The New York Times touts the Internet’s role in reviving interest in short fiction. Too bad it’s not true
By Laura Miller
The short story, like the western, is periodically said to be on the brink of a comeback. The most recent example of this boosterism: an article by the New York Times’ new(ish) publishing reporter, Leslie Kaufman, titled “Good Fit for Today’s Little Screens: Short Stories,” in which “a proliferation of digital options” is said to offer short fiction “not only new creative opportunities but exposure and revenue as well.”
This would be good news — if there were any reason at all to think it was true. Kaufman’s only evidence for this imaginary renaissance is the success of George Saunders’ story collection, “The Tenth of December,” published earlier this year and currently hovering in the middle ranks of several prominent best-seller lists. Saunders’ longtime fans (I count myself among them) have reason to celebrate this, but it really has nothing to do with “digital options.” Saunders has built a devoted following over the past 17 years, hadn’t published a book in a good while and — most important of all — was heralded in the headline of a long, radiant profile in the New York Times Magazine as producing “the best book you’ll read this year.” All of that could have happened 10, 20 or 30 years ago and produced the same result.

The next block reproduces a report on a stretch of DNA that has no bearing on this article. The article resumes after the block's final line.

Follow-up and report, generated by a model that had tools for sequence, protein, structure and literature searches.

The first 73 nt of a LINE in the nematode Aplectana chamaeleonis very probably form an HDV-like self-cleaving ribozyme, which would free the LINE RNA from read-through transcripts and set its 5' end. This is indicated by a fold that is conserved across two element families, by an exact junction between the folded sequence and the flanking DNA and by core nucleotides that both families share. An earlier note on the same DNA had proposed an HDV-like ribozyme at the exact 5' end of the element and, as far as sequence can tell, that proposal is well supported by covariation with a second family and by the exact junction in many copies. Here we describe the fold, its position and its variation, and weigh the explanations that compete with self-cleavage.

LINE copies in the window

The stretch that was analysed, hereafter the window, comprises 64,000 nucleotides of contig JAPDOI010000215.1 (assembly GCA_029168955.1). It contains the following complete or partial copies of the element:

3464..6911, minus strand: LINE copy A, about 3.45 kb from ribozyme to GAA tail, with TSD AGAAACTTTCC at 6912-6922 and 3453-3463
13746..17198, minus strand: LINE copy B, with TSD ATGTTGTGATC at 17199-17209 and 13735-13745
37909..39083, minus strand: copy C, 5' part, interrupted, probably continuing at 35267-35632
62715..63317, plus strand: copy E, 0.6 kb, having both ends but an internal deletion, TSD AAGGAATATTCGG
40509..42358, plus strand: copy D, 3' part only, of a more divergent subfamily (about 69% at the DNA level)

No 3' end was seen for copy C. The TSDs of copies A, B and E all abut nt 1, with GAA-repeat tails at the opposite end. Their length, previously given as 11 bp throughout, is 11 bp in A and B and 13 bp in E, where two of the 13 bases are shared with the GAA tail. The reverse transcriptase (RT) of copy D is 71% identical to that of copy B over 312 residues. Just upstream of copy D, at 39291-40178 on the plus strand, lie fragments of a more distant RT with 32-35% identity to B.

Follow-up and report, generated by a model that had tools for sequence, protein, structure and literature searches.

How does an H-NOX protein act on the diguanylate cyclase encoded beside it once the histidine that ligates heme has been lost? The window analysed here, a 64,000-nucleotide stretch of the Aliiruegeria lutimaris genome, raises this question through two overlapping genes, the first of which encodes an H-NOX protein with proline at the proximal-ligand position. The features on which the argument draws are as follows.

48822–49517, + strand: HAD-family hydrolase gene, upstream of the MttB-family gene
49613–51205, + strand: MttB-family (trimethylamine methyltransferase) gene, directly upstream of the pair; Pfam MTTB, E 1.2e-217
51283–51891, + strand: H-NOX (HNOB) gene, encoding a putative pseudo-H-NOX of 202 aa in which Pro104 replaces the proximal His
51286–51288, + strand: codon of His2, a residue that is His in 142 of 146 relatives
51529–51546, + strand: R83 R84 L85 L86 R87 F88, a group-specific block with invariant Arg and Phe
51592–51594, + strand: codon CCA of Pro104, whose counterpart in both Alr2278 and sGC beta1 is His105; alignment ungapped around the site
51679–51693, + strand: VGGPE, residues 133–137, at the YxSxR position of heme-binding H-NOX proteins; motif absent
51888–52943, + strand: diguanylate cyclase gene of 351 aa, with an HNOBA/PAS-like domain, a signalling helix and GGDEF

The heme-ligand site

Kaufman goes on to marvel at the “unusually rich crop of short-story collections” published (or about to be published) this year. Some, “tellingly,” are even written by “best-selling novelists”! This is all the more astonishing to her since “publishers and authors tend to be wary of short-story collections because of the risk of being critically overlooked and, worse, lower sales.”
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